Seven hundred forty-one million passengers traveled on US commercial airplanes in 2006, with approximately 1 billion traveling worldwide each year. Although serious events resulting in death aboard US carriers are extremely rare, with only 43 deaths per 600 million passengers in a 1-year period, medical emergencies are more common. In 2006, one group recorded 17,310 calls for medical emergencies. Of those recorded, only 4% were serious events that resulted in diversion of the plane. The most common complaints were neurologic, followed by GI, respiratory, and cardiac ailments. Since respiratory symptoms are among the most common reasons for emergency medical calls and a large number of patients with pulmonary disease travel by air each year, a variety of tests have been proposed to screen for patients at risk of serious respiratory decompensation while in flight that can be reduced by prescribing supplemental oxygen. The hypoxia altitude simulation test (HAST) [or hypoxia inhalation test] is a simple test to screen patients at risk for hypoxia at higher altitude.
Effects of Altitude and Air Travel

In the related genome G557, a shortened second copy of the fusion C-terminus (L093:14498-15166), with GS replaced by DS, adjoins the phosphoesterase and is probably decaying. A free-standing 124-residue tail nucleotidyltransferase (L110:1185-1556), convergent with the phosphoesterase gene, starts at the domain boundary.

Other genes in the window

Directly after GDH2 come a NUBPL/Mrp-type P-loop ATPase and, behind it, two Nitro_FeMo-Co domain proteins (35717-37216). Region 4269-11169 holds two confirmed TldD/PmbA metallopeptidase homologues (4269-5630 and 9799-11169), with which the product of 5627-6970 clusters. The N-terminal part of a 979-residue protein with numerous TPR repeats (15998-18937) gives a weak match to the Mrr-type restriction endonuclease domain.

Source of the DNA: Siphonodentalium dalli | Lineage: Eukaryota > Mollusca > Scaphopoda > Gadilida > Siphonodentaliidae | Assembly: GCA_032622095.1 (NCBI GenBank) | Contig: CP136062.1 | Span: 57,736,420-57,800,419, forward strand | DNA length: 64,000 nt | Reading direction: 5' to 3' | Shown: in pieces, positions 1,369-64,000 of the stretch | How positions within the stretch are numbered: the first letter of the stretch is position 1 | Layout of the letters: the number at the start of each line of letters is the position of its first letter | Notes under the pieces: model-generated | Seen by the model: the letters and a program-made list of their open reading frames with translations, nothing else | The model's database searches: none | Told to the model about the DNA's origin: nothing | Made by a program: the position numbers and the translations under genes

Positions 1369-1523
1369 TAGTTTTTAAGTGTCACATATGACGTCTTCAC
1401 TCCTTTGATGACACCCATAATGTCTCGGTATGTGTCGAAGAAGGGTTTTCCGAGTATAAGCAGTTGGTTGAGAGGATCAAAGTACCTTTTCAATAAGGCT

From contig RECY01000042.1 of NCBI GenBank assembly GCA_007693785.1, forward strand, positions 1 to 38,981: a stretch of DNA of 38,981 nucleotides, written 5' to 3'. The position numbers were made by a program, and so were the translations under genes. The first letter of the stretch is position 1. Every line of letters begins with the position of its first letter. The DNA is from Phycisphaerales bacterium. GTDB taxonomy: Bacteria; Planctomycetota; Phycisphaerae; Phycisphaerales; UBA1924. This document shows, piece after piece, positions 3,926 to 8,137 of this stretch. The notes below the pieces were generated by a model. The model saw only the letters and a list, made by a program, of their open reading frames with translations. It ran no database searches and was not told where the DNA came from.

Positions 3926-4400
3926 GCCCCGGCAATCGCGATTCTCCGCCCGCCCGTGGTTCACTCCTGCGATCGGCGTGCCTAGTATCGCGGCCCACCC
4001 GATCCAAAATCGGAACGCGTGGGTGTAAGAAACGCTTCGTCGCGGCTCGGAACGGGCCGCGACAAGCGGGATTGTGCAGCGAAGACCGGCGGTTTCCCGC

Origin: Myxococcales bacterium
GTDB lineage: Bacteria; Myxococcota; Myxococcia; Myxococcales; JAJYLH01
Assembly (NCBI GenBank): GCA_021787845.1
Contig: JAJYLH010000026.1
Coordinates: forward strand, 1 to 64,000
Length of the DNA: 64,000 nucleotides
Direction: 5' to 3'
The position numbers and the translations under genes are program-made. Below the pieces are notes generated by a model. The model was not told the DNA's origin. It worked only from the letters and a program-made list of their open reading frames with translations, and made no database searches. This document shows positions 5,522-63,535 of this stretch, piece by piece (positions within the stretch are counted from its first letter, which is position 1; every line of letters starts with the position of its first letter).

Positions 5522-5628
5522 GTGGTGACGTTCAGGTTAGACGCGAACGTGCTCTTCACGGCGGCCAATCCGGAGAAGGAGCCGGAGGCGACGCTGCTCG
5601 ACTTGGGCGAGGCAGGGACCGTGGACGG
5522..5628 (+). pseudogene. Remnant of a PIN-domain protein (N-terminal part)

The most serious complications arising from air travel are those that involve neurologic, cardiac, or pulmonary complaints. Patients with underlying cardiopulmonary diseases (which may be treated with remedies of My Canadian Pharmacy) are particularly at risk for medical emergencies because they may have a limited ability to compensate for the effects of the elevated cabin pressure. As airplanes ascend, the cabin pressure is maintained to a Po2 that corresponds to a maximum of 8,000 feet with a range from 5,000 to 8,000 feet (1,524 to 2,438 m), depending on the route and type of aircraft. This correlates to oxygen concentrations of approximately 17.1% and 15.1%, respectively. At sea level with a barometric pressure of 760 mm Hg, the alveolar pressure of oxygen (PAo2) in a healthy individual is approximately 98 mm Hg. At the maximum cabin pressure of 8,000 feet, the PAo2 will drop to approximately 55 mm Hg, which corresponds to an oxygen saturation of approximately 90%. A normal response to this decrease in PAo2 involves increasing the minute ventilation (mostly by elevating tidal volume) and improving ventilation-perfusion mismatching by hypoxic vasoconstriction in combination with increasing heart rate and therefore cardiac output. A patient with pulmonary disease, however, may not be able to increase his or her minute ventilation if it is already elevated at baseline or tolerate hypoxic vasoconstriction. More importantly, however, if a patient already has a reduced Pa02 at sea level, the Pa02 can fall even further at higher altitudes, and they may end up on the steep part of the hemoglobin dissociation curve, which can result in very low oxygen saturation (oxygen saturation by pulse oximetry [Sp02]). The HAST aims at identifying patients who will fall on the steep part of the hemoglobin dissociation curve and are therefore at risk for significant respiratory symptoms or an exacerbation of their underlying disease.